Meet the Cardoon

Meet the Cardoon

Emily Balducci Jan 18 , 2018

Cardoons are a domestic variety of the wild thistle in the artichoke family. Dirt is mounded around the base as the plant grows to facilitate the blanching that turns it silvery green. This is one vegetable that tastes the exact opposite of the way it looks. Scaly, rough and fibrous when raw, Cardoon chunks melt into dense, meaty pieces with an artichoke-like flavor.

Europeans also cook cardoons into casseroles, au gratin or soups, but we like them deep fried to serve as an appetizer with drinks, or as a side dish. They turn out warm and crispy outside, creamy-soft inside.  

For a delicious appetizer to serve with cocktails, we absolutely love cardoon dipped in a light beer or tempura batter and fried in canola or peanut oil. Cook until golden then drain well on paper toweling. Sprinkle with a good sea salt and serve with cold wine or champagne.


This original Baldor recipe was created specifically for the new-season cardoon grown by Ocean Mist Farms in central California. They have been cultivating cardoon for decades and are the largest, most reliable supplier in the country. Check out our recipe and prep instructions below! 



First, prep the cardoons:

Separate stalks from the bunch, selecting the innermost, whitest ones. Cut off rough bottom and tops and slice sideways down the outside length of each to remove all the jagged, bitter-tasting leaves. Start peeling each stalk with a sharp knife to remove all stringy stands, just as you would with celery. (You can also slice off any small patches that look extra thick or discolored). Be sure to peel away as much of the fibers as possible. Cut each stalk crosswise into 1-2 inch chunks. Purist would drop the pieces into acidulate water to prevent browning, but we find it unnecessary if the cardoon is fresh. Boil the pieces in a large pot of salted water for about 20 minutes until they are soft and pliable (stick a fork through to test).  Drain the pieces on several changes of paper toweling to dry as much as possible.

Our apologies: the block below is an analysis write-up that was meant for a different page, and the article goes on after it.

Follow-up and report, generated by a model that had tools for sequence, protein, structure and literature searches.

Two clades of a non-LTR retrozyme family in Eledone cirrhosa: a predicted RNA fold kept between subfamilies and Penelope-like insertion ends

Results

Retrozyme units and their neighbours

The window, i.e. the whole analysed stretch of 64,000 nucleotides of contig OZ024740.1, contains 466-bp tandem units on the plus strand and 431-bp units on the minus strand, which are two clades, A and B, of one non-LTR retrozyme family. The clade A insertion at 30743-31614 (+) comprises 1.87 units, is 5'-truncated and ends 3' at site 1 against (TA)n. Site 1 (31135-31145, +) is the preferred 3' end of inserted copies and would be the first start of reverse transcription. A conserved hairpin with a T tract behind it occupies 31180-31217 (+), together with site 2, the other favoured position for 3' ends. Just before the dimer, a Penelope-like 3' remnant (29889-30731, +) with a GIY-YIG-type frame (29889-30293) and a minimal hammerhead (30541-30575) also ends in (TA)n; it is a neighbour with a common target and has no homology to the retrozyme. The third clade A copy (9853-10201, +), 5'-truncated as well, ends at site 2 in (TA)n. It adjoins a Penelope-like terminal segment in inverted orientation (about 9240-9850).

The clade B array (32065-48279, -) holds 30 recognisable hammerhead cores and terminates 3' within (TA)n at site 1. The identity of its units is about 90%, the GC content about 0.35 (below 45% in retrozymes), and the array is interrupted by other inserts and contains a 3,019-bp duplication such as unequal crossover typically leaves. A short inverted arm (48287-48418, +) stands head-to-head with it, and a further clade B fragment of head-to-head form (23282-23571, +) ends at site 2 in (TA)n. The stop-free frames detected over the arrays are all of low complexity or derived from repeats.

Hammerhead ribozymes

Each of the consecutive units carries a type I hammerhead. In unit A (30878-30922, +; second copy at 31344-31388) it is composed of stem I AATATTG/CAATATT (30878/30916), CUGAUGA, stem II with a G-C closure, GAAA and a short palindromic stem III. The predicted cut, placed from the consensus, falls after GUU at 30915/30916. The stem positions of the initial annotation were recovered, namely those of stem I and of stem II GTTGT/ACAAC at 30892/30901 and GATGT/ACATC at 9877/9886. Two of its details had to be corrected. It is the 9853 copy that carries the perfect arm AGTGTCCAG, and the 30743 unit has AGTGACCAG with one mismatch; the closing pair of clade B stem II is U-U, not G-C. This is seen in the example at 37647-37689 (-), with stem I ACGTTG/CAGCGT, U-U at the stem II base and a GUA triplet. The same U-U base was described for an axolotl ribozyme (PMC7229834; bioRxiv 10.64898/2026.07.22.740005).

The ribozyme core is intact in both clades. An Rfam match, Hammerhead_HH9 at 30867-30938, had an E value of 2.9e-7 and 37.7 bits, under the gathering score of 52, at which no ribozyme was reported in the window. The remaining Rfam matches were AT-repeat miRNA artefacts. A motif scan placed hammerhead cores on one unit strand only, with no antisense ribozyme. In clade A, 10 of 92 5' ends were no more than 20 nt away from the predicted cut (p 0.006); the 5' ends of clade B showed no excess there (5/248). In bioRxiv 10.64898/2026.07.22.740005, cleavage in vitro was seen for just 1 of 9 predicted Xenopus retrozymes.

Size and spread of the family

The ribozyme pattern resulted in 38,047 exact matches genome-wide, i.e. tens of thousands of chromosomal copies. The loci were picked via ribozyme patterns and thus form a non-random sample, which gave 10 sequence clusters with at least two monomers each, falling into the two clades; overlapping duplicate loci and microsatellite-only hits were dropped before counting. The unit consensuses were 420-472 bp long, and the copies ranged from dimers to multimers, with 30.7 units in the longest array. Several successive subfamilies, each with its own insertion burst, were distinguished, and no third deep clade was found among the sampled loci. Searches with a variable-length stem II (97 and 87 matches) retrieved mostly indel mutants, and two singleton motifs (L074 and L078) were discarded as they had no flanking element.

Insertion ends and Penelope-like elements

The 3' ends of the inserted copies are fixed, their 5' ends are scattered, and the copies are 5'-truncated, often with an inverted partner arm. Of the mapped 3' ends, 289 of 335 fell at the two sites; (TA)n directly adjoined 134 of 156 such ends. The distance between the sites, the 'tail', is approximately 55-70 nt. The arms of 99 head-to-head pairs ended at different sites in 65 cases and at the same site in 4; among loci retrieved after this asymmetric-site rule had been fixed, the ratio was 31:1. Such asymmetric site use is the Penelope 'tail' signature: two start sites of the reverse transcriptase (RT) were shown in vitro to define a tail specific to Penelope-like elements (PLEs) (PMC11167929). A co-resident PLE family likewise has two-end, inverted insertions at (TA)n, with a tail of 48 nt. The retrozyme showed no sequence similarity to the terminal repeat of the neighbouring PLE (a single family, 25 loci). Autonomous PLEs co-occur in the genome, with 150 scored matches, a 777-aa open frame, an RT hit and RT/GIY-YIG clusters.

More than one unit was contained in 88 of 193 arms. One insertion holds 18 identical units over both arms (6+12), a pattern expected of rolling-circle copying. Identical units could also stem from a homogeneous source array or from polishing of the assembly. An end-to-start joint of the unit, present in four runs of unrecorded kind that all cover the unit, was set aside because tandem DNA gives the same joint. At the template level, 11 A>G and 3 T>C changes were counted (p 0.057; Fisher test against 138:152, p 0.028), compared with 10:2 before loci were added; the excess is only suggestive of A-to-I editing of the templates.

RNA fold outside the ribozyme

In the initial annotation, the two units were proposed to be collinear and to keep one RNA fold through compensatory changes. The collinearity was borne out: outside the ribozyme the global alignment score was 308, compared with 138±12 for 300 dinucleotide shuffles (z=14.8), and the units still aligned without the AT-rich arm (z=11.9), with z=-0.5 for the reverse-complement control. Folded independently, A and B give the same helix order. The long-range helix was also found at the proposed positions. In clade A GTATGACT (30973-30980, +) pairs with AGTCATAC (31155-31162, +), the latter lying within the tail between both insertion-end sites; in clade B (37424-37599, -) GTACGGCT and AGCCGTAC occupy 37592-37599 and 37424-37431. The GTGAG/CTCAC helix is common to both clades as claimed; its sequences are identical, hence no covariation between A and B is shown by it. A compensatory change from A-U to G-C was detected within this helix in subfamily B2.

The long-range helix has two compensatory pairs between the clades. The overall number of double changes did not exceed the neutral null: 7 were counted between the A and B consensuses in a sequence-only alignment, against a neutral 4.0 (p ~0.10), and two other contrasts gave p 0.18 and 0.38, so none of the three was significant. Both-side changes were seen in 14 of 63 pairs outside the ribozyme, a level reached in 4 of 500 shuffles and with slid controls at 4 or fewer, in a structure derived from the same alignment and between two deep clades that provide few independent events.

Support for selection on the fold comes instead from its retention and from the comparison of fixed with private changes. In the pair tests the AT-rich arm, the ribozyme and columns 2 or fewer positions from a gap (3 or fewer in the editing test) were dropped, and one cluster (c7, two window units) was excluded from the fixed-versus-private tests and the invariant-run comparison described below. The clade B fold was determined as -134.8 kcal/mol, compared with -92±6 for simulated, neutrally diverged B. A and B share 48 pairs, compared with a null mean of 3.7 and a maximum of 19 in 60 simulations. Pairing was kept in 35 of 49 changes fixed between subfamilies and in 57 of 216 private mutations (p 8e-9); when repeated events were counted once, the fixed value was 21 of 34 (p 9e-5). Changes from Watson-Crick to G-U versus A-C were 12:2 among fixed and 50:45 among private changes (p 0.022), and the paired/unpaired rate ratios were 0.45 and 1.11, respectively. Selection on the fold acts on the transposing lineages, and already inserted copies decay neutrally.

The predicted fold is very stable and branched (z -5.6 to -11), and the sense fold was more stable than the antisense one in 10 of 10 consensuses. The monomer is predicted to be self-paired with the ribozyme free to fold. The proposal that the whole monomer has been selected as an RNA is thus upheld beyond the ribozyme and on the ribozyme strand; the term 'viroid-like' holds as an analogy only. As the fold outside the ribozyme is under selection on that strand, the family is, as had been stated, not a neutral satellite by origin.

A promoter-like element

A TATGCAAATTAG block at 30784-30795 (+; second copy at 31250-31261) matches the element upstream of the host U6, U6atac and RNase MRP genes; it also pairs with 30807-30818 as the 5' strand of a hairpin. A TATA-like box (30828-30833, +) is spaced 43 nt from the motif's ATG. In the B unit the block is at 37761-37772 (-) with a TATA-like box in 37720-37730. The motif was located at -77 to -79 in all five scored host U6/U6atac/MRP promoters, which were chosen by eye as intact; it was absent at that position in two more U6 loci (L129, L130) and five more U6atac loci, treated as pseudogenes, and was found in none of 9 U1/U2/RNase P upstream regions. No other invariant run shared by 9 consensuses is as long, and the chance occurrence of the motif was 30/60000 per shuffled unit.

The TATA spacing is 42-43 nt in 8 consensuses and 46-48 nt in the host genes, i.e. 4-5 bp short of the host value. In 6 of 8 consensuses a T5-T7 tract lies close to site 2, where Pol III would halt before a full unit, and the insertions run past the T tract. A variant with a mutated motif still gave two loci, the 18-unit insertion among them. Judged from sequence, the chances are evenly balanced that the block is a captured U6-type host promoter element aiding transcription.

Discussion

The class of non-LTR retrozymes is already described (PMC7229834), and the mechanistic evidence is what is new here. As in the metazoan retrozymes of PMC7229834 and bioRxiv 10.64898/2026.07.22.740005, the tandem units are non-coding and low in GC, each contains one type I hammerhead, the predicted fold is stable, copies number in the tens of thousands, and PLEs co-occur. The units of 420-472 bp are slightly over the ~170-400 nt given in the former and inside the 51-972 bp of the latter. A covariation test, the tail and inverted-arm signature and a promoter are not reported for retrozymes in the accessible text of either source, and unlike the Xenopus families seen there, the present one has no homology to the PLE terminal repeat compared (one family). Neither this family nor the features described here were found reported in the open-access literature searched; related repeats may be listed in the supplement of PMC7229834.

Prepare Beer Batter:

¾ cup unbleached white flour

¼ tsp kosher salt

1/8 tsp black pepper

2 eggs, room temperature

¾ cup Belgian beer (or any beer), at room temperature.

1 tbs vegetable oil

Put flour in a bowl, add salt and black pepper, and mix well.

In a separate bowl, whisk 2 room temperature eggs. Add ¾ cup Belgian beer (better if opened for a while and at room temp) and oil. Whisk to combine and pour into flour mixture, mixing well with a large fork until batter is somewhat smooth.

To Fry:

Heat cooking oil to 375 in a deep fryer or deep pot.  Dip cardoon chunks in beer batter, letting excess drip off. Drop gently into oil and cook until light gold, about a minute. Don’t overcrowd fryer. Lift pieces out with slotted spoon and drain on paper toweling. Sprinkle with good quality sea salt and eat immediately.

Alternatively, if you need to fry ahead of time, you can reheat cooked pieces on a hot baking pan and heat in 500 degree oven for about 5 minutes to crisp up. Keep sea salt grinder handy. The nutty sweet flavor of fried cardoons jumps to life under a fresh sprinkle of sea salt. 


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